Instagram denies shadowbanning exists on the platform

Instagram recently denied shadowbanning allegations. FILE PHOTO: Dado Ruvic/Reuters

Instagram recently denied shadowbanning allegations. FILE PHOTO: Dado Ruvic/Reuters

Published Jun 6, 2023


Meta-owned photo and video-sharing platform Instagram has denied shadowbanning allegations as the social network touts more transparency on the app.

The platform recently made the claim when it posted an explainer on its blog, detailing how content on Instagram was distributed among its users.

Unbeknown to many social network users, shadowbans are reported to occur against accounts by a platform, which uses algorithms to limit a creator's content from being widely viewed among their audience or in general public content streams, similar to those found on "discover" pages.

More often than not, when a user is shadowbanned, there isn't a proper way to tell, despite this most popular social network denying claims of shadowbanning users' content.

Head of Instagram, Adam Mosseri, said that the platform had many direct conversations with its community to understand better what people mean by shadowbanning.

"Though there isn't one shared definition, we know some people use the term to imply that a user's account or content is limited or hidden without a clear explanation or justification. When we rank content across Instagram, that's not our intention," Mosseri said.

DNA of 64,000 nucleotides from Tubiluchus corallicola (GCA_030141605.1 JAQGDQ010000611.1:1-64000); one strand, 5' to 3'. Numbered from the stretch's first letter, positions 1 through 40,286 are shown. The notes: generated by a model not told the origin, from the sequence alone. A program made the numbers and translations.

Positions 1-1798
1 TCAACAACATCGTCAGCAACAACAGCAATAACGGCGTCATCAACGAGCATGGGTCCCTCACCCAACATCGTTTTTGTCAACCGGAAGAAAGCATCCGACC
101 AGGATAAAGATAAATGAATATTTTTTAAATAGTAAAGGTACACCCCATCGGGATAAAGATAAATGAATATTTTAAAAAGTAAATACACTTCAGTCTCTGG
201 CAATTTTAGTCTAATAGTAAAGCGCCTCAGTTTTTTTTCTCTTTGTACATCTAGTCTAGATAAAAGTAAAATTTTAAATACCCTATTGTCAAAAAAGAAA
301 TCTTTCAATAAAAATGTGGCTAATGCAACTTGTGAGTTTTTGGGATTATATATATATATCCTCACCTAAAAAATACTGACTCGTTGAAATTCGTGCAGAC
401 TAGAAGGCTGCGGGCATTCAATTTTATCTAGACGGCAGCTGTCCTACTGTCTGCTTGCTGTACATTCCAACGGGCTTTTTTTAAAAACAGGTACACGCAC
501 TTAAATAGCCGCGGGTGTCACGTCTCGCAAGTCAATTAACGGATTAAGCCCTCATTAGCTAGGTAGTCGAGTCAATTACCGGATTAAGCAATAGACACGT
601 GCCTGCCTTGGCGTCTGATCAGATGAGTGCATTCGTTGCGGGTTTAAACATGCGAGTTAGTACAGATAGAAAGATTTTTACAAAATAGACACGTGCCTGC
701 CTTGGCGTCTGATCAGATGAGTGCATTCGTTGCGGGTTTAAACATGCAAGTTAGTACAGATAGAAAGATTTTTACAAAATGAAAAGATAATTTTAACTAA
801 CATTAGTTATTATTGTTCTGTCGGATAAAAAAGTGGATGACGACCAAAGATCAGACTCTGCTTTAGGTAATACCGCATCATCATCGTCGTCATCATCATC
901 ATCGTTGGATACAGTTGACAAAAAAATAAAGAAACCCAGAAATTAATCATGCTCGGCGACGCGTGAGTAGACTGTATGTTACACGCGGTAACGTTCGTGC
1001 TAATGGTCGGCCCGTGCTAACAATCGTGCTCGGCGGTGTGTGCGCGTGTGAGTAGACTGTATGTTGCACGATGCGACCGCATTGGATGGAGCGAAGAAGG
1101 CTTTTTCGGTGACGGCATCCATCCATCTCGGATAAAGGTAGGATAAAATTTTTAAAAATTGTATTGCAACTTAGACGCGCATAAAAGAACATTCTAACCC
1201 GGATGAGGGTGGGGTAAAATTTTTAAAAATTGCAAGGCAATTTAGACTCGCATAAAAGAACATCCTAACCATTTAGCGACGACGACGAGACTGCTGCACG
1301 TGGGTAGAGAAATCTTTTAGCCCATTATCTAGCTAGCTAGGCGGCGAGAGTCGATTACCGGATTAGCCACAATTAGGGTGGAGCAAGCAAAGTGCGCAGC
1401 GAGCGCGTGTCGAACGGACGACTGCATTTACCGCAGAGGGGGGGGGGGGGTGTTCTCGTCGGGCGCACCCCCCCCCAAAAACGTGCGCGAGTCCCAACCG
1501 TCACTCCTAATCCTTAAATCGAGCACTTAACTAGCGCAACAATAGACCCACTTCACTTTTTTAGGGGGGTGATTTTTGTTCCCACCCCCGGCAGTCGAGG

However, Instagram is one of many to address shadowban concerns. Similarly, short-form, video-sharing app TikTok has denied shadowbanning's existence on the platform since its growth in popularity.

Meanwhile, towards the end of 2022, Twitter owner Elon Musk took to the microblog to announce its plans for shadowbanning, as the company began work on a software update to show true account status to inform users more clearly if they've been shadowbanned, the reason why and how to appeal -- similar to new functionality expected from Instagram.

"The community's concerns about shadowbanning have made it clear that there is more we can do to increase transparency so people have more information about what's going on with their account," Mosseri said.

"Contrary to what you might have heard, it's in our interest as a business to ensure that creators are able to reach their audiences and get discovered so they can continue to grow and thrive on Instagram.

“If there is an audience that is interested in what you share, then the more effectively we help that audience see your content, the more they will use our platform," he added.

As part of its transparency efforts, Instagram announced last year that it had built features like Account Status to help users understand why their account's content may not be eligible to be recommended while allowing users the option to delete any content affecting their performance and appeal against the decision.

"We're continuing to invest in Account Status to bring more transparency to our community.

“For instance, we recently added the ability to see if your account is eligible to appear in Search or as a suggested account, and you can appeal if it's not. We plan to add even more transparency to this surface over time," Mosseri said.

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